“We have the right to not be scared at night”: SOGS’ Take Back the Night March & Rally
Jackie Reed, the Women’s Concerns Commissioner for the Society of Graduate Students (SOGS) organized and led the march with passion. She walked through campus wearing a t-shirt that said: “Girls Just Wanna Have Fundamental Human Rights.” She held a bullhorn in the air and chanted “We have the right to not be scared at night” while pumping her fist.
On Wednesday afternoon, a group of graduate students marched through Western’s campus for Take Back the Night: a march and rally against sexual violence.
The march did a loop through Western’s campus. Along the way, they encountered their fair share of haters. At one point, two men yelled at Reed to “get a job.” She turned around and proudly replied: “This is my job.”
“People push back against you because it makes them uncomfortable,” says Reed. “I think it’s important to do things that make people a little bit uncomfortable because they may start questioning their values and beliefs.”
Reed shared that she is a survivor of date rape, misogyny, and an abusive relationship. She also knows many other people are too. In her opening presentation, Reed reported the results of a poll that found 71% of Western students have experienced sexual violence.
SOGS Graduate Peer Advisor for Academic Matters Ariana Potichnus says this percentage is far too high. She says, “I’ve been hearing from a lot of graduate students that there’s been a lot of sexual impropriety that’s been negatively affecting their ability to do their graduate work.”
Both Reed and Potichnus say that misogyny runs rampant on Western’s campus.
Reed calls it “insidious.” She brings up the controversial street party banner some male students hung a few weeks ago on fake homecoming. “I think [marches] like this are important because we need to make people aware that their words can hurt, even if they say: ‘It’s just a joke.’”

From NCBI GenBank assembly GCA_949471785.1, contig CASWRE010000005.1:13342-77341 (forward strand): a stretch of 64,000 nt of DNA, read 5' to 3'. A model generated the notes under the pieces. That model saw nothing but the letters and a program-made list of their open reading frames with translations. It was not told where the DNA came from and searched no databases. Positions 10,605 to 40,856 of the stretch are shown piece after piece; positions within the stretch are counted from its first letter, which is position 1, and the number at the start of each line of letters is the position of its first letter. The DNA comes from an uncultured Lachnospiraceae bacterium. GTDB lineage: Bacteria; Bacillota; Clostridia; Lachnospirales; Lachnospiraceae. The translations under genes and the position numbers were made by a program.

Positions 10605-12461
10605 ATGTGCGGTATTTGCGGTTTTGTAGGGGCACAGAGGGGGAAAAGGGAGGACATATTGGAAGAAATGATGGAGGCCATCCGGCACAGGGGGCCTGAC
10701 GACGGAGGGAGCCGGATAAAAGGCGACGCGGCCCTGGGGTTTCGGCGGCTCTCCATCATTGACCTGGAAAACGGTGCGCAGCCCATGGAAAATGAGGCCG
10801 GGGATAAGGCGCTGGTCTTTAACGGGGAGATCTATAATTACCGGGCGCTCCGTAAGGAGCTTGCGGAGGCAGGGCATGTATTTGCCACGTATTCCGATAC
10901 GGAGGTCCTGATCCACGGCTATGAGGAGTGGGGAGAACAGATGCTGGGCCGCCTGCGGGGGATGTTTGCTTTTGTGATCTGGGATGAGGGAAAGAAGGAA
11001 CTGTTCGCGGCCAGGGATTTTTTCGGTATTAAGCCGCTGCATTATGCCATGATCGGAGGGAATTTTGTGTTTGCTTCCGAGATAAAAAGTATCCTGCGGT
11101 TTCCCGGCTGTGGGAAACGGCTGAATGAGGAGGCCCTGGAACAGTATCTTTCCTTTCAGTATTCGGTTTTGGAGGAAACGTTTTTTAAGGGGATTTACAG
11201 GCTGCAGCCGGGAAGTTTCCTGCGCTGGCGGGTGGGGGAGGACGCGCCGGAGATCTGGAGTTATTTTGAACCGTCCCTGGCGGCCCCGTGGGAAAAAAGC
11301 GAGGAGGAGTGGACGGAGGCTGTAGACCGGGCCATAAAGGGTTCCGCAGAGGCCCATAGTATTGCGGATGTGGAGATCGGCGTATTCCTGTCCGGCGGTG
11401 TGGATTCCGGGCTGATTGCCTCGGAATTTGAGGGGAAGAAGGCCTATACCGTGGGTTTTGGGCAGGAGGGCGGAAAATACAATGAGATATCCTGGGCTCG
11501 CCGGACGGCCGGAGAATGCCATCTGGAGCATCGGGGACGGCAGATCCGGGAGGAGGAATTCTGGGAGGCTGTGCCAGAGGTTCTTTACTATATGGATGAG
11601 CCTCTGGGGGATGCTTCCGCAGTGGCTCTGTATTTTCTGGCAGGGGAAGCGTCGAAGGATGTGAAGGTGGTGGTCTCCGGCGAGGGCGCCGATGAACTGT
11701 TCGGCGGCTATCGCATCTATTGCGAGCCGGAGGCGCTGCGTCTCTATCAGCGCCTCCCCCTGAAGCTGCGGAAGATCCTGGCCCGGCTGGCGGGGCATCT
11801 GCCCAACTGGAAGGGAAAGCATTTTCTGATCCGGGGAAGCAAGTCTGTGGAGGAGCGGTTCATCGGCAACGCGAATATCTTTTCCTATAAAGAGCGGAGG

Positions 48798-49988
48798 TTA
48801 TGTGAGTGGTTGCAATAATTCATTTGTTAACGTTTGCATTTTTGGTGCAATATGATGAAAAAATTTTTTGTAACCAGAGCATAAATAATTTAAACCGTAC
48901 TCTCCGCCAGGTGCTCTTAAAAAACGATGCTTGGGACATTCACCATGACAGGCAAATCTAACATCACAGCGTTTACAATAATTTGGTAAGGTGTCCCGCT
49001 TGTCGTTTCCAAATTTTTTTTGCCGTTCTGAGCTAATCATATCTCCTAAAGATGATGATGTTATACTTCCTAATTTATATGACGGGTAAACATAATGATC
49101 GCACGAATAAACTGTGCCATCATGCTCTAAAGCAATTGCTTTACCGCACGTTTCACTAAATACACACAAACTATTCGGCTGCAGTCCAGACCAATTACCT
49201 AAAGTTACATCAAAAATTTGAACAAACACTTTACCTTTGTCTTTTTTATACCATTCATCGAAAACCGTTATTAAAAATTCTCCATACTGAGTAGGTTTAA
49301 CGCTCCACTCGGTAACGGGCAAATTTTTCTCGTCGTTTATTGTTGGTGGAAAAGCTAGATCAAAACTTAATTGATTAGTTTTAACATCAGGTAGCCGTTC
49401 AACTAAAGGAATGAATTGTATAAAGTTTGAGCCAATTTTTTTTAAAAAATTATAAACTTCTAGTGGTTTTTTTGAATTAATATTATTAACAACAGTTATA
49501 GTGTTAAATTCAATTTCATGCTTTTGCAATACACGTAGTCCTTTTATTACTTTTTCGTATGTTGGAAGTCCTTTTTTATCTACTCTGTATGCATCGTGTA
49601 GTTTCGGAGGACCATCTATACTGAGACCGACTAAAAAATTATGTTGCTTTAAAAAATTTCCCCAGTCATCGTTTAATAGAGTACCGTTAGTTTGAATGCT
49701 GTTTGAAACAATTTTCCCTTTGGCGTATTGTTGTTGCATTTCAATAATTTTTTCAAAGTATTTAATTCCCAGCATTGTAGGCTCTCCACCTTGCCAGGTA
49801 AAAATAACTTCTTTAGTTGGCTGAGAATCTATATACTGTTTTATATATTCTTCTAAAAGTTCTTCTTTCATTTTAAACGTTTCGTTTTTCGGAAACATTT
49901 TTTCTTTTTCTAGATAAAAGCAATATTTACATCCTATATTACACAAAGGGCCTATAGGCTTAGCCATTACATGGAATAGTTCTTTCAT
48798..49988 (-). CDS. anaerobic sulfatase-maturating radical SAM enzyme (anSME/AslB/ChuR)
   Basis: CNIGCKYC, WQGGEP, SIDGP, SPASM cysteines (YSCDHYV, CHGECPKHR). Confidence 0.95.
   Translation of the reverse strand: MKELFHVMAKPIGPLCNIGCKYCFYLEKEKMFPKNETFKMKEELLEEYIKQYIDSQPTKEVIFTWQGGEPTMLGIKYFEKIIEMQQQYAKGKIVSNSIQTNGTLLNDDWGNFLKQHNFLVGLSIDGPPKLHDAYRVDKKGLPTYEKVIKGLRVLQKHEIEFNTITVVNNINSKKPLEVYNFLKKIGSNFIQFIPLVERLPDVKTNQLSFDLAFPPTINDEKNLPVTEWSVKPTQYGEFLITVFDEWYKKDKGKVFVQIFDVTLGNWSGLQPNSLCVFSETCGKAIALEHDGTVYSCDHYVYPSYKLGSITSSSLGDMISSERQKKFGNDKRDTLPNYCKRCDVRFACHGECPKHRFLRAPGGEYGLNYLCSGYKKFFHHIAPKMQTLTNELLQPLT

These street party banners inspired Reed to paint a sign for the march that says, “Queen’s and Western students are tired of swallowing your misogyny.”
Other protesters made powerful and poignant signs to accompany Reed’s that said: “End Violence Against Women,” “My Body, My Rights,” and “Sexual Violence Affects Us ALL.”
Reed shared that 1 in 4 women and 1 in 10 men will experience sexual violence in their lifetime. This is why the Women’s Concerns Committee decided to rename the event from “Take Back the Campus” to “Take Back the Night”; because sexual violence is not just a campus issue.
Women’s Concerns Committee member Danica Facca wishes more than 30 students attended the rally. According to her, “It wasn’t the idea of a march wasn’t well received but it’s actually putting yourself in a march and being in that physical space that [makes people] really vulnerable. Some people might not feel comfortable and you can’t blame them for that.”
“When it happened to me after college, I thought it was my fault,” says Reed. “I didn’t tell anyone what happened. I thought it was all on me.”
Reed says that her introduction to sexual assault was all about what girls can do to prevent sexual violence from happening to them. “They put the onus on us and told us that we were the ones who had to be responsible for our sexuality. So, I think it’s really important that we push back against that.”
Despite the dark topic of sexual violence and her personal connection to it, Reed remains optimistic all afternoon. She says, “I think it’s important that women know that we will believe them. That they will be supported. That they can have a voice.”
The goal of Take Back the Night is to break the silence surrounding discussions about sexual violence. And although it was a small group, they certainly made noise.
Take Back the Night will be holding another march in spring 2020.